Stargazer travels for totality

A Brookhaven College faculty member takes a road trip across the country to experience the solar eclipse in the path of totality.

By Juan Betancourt
Sports/Web Editor

Photos courtesy of Chaz Hafey
The sun’s corona is visible during The Great American Eclipse Aug. 21 in Roberts, Idaho; the moon covers the sun during the total solar eclipse.

A Brookhaven College faculty member takes a road trip across the country to experience the solar eclipse in the path of totality.

Chaz Hafey, Brookhaven College astronomy and physics lab coordinator, said he never thought he would see his first total solar eclipse from the small town of Roberts, Idaho.

A few days before the eclipse, Hafey traveled with his friend Dennis Harwell, a software engineer, and looked for a spot to camp out and view the total eclipse. While driving, they spotted a sign that read, “Eclipse Celebration Here,” and decided to check it out, he said.

According to the U.S. Census Bureau, Roberts has a population of 579 people. Hafey said the town hosted a three-day festival, the Roberts Idaho Eclipse Festival, at Mustang Park. Hafey and Harwell said they decided to stay, as they were allowed to camp out at the park.

“There were vendors, hot dogs and T-shirts,” Hafey said. “All sorts of things.”

Hafey said he did not want to view the partial eclipse in Dallas because it would only experience 76 percent of darkness. Hafey said he chose Idaho because it was one of the states along the path of totality. He said he wanted to see totality with his own eyes.

Hafey said he was worried the day before that clouds were going to block the eclipse. There were small clouds on the day of the eclipse, but they were far away from the sun. The partial eclipse began at 10:15 a.m. in Roberts, according to eclipse2017.org.

Harwell said they were prepared with a backup plan. If the weather did not cooperate, they would have gone to Glendo, Wyoming.

Hafey said they packed some equipment to view the eclipse. He also said they used special viewing glasses to observe the sun safely. He used a cheese grater and a colander to project the eclipse onto a surface. The holes in the kitchen utensils acted as pinhole cameras that allowed Hafey to safely view the eclipse without looking at the sun.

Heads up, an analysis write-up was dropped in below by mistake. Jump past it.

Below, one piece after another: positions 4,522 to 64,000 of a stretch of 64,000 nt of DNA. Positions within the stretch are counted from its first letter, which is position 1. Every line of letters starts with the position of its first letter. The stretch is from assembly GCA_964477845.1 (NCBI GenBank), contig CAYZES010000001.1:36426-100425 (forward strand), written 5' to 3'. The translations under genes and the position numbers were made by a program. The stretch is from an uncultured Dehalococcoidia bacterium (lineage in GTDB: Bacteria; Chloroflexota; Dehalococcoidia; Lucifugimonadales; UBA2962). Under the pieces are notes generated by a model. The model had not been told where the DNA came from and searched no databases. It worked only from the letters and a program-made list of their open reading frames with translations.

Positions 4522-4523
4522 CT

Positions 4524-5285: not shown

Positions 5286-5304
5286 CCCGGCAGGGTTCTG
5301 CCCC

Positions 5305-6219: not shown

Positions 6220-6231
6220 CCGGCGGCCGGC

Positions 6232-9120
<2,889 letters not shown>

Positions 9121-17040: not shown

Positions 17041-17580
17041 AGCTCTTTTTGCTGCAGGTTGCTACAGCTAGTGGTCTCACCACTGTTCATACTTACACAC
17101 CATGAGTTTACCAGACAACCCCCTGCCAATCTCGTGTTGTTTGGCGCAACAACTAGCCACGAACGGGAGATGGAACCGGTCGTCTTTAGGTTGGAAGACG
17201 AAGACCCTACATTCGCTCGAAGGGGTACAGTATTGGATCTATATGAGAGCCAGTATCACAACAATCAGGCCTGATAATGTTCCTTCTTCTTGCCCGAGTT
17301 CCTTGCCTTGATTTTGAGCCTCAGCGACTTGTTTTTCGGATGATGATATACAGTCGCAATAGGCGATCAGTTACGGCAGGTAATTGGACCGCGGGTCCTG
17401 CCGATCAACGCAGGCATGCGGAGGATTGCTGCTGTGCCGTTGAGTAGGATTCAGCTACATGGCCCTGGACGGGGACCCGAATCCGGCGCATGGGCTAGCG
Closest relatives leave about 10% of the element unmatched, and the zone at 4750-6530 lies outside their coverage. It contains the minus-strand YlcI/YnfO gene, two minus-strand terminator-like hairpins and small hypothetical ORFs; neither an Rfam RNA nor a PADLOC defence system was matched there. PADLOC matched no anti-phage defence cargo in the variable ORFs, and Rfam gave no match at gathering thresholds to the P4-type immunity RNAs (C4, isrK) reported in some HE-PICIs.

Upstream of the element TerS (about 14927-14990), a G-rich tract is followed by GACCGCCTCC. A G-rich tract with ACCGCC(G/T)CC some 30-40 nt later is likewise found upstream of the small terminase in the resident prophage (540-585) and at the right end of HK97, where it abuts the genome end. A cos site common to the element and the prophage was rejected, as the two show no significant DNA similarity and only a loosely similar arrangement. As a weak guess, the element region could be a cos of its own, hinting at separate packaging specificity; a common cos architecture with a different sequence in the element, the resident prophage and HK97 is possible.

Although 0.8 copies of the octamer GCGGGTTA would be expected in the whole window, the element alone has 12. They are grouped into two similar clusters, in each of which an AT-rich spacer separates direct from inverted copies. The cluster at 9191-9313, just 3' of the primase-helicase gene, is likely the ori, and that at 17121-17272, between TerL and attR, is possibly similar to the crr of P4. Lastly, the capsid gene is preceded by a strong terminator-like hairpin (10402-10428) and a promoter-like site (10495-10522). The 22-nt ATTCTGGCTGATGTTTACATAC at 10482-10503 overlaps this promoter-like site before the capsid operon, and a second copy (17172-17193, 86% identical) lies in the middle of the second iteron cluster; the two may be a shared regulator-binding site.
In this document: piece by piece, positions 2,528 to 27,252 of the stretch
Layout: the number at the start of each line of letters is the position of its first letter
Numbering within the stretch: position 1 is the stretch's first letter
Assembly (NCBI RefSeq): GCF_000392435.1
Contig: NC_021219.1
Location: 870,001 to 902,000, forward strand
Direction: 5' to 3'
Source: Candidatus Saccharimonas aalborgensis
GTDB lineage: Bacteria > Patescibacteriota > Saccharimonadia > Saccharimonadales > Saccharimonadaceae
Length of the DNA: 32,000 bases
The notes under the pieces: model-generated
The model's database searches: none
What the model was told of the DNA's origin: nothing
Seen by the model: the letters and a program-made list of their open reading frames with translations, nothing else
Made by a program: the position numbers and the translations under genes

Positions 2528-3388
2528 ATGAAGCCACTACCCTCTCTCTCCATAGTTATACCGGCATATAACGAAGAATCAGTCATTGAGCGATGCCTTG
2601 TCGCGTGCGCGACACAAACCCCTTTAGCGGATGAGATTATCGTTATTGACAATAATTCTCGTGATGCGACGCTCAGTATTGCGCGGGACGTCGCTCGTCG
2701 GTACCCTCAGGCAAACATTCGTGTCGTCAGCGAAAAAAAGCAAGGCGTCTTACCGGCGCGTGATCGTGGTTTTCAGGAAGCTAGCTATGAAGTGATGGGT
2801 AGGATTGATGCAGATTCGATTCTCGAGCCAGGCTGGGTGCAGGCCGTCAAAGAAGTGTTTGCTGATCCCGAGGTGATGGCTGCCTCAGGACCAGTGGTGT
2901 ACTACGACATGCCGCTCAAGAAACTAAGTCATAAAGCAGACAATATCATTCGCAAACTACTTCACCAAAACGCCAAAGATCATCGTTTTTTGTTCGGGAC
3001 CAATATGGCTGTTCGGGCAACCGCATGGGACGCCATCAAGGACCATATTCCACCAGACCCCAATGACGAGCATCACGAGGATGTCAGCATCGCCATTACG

At 11:32 a.m., the sky over Idaho darkened, and Hafey saw totality for the first time in his life. The darkness lasted two minutes and 16 seconds in the area, according to eclipse2017.org. “Words can’t describe it … you’ll have to see it for yourself,” Harwell said describing the eclipse.

Dennis Harwell, a software engineer, observes the eclipse with special eclipse glasses.

Hafey said he was excited to photograph phases of the eclipse.

Hafey and Harwell had a mounted tripod that tracked the movement of the sun. Hafey took a photo every five minutes with his DSLR camera and attached a filter into a telephoto lens to photograph the phases of the eclipse.

Photo courtesy of Chaz Hafey

When he took off the filter to photograph the totality phase, he said the first shot was overexposed. “It was terrible,” Hafey said.

He got a clear image of the eclipse’s diamond ring. The diamond ring is formed before and after totality when the light of the sun’s corona forms a diamond ring shape, according to NASA.

He also photographed Bailey’s beads, the phase that occurs seconds before and after totality where the sun’s light shines through the edges of the moon, according to NASA.

Hafey said he also tried to capture an image of shadow bands, mysterious dark and light beams that are sometimes visible on the ground minutes before and after totality, according to space.com.

Hafey said they were difficult to photograph and he could not capture an image. However, he captured them on video.

Hafey said he is planning for the next total solar eclipse on April 8, 2024. Hafey said he plans to go out of state to see the eclipse because Texas thunderstorm weather might be an issue.

“I’m going to get my car packed and ready to go somewhere where it’s clear,” Hafey said.

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